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    David Leyonhjelm

    David Leyonhjelm

    has worked in agribusiness for 30 years and is a Senator for NSW representing the Liberal Democrats.
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    8/11/2013 8:45:49 AM

    Why does it have to be a question of protecting one or the other? Surely we can show compassion towards both human and animals. Shouldn't our goal be to protect both from unnecessary pain and suffering.
    6/11/2013 3:06:28 PM

    Guess what Correllio - suicide is not illegal..assisting is. I suspect what David advocates is not "euthanasing like dogs" but an act kindness...a choice I'd like to have and I don't know why its any of your business !!!!
    6/11/2013 9:30:47 AM

    Must be watching a different ABC to me - I find they report n a great variety of issues, involving human rights, animal welfare both here and abroad. Also they did a follow up on the animal rights led abbatoir closure in Victoria & its wide spread affect on the community. Stop cherry picking your stats - it affects your credibility with your readers, questions your motives and the ABC I watch & listen to has many good indepth programs on many issues large and small which affect me more than who may have talent or dancing around in little more than bras .
    Cattle Advocate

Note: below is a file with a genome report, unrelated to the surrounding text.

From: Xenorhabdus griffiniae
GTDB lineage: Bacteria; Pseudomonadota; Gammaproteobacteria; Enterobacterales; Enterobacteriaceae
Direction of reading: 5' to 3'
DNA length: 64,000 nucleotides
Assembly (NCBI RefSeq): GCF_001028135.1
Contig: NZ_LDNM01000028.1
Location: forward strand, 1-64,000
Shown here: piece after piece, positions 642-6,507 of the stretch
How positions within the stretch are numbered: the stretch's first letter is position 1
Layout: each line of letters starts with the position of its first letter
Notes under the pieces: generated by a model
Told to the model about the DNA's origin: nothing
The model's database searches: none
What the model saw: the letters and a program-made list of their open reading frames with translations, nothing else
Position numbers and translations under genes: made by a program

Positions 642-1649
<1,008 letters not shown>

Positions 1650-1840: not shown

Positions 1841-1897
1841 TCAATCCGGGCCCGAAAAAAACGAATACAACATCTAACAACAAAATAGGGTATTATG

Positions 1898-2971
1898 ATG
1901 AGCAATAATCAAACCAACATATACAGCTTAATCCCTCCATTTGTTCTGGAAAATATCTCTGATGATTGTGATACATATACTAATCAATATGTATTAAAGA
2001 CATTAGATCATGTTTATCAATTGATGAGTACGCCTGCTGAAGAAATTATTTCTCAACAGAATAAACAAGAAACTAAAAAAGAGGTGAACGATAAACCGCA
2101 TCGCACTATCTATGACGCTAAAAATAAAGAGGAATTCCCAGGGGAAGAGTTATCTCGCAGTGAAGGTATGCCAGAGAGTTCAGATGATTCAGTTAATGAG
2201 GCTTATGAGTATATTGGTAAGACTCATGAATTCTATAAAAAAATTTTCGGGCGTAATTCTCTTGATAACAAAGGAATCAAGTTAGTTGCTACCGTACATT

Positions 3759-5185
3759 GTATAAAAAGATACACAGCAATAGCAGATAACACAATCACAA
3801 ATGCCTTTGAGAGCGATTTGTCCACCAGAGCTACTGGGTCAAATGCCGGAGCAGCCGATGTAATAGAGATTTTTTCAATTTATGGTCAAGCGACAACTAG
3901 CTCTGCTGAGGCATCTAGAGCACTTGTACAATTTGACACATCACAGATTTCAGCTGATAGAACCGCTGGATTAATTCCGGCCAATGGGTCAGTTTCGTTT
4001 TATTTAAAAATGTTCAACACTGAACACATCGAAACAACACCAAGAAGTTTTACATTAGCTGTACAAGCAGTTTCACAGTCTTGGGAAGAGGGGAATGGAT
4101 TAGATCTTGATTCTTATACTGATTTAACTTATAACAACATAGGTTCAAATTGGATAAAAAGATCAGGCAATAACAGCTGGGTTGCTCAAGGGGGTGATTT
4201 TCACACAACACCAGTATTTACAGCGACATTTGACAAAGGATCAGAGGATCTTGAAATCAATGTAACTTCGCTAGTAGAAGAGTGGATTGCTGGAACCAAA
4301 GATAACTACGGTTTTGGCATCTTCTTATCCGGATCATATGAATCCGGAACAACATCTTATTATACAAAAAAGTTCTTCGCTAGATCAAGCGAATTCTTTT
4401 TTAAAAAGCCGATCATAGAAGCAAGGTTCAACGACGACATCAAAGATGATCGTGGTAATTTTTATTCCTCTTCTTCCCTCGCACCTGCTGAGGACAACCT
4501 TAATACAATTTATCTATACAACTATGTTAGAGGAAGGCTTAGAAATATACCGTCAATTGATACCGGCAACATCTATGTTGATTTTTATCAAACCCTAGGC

6/11/2013 6:05:39 AM

    Peter Singer ''-on shaky ground if we were to demand equally for blacks, women and other groups of oppressed humans while denying equal consideration to nonhumans. A person's sex is no guide to his or her abilities, and this is why it is unjustifiable to disciminate on the basis of sex.''
    Cattle Advocate
    6/11/2013 5:57:00 AM

    Alexandra Chen ''-before your eyes is horrifying and destroys one's sense of safety. One boy would walk out of his family's tent every morning at 3 am, and go to our child-friendly space in Zaatari camp and just hide in the corner. His family had no idea. It was just because the stress he was experiencing was so overwhelming that he had to be in a place where he felt safe and just to be by himself.'' 'Animal Liberation' Peter Singer ''If we examine more deeply the basis on which our opposition to discrimination on grounds of race or sex ultimately rests we will see that we would be-
    Cattle Advocate
    6/11/2013 5:42:17 AM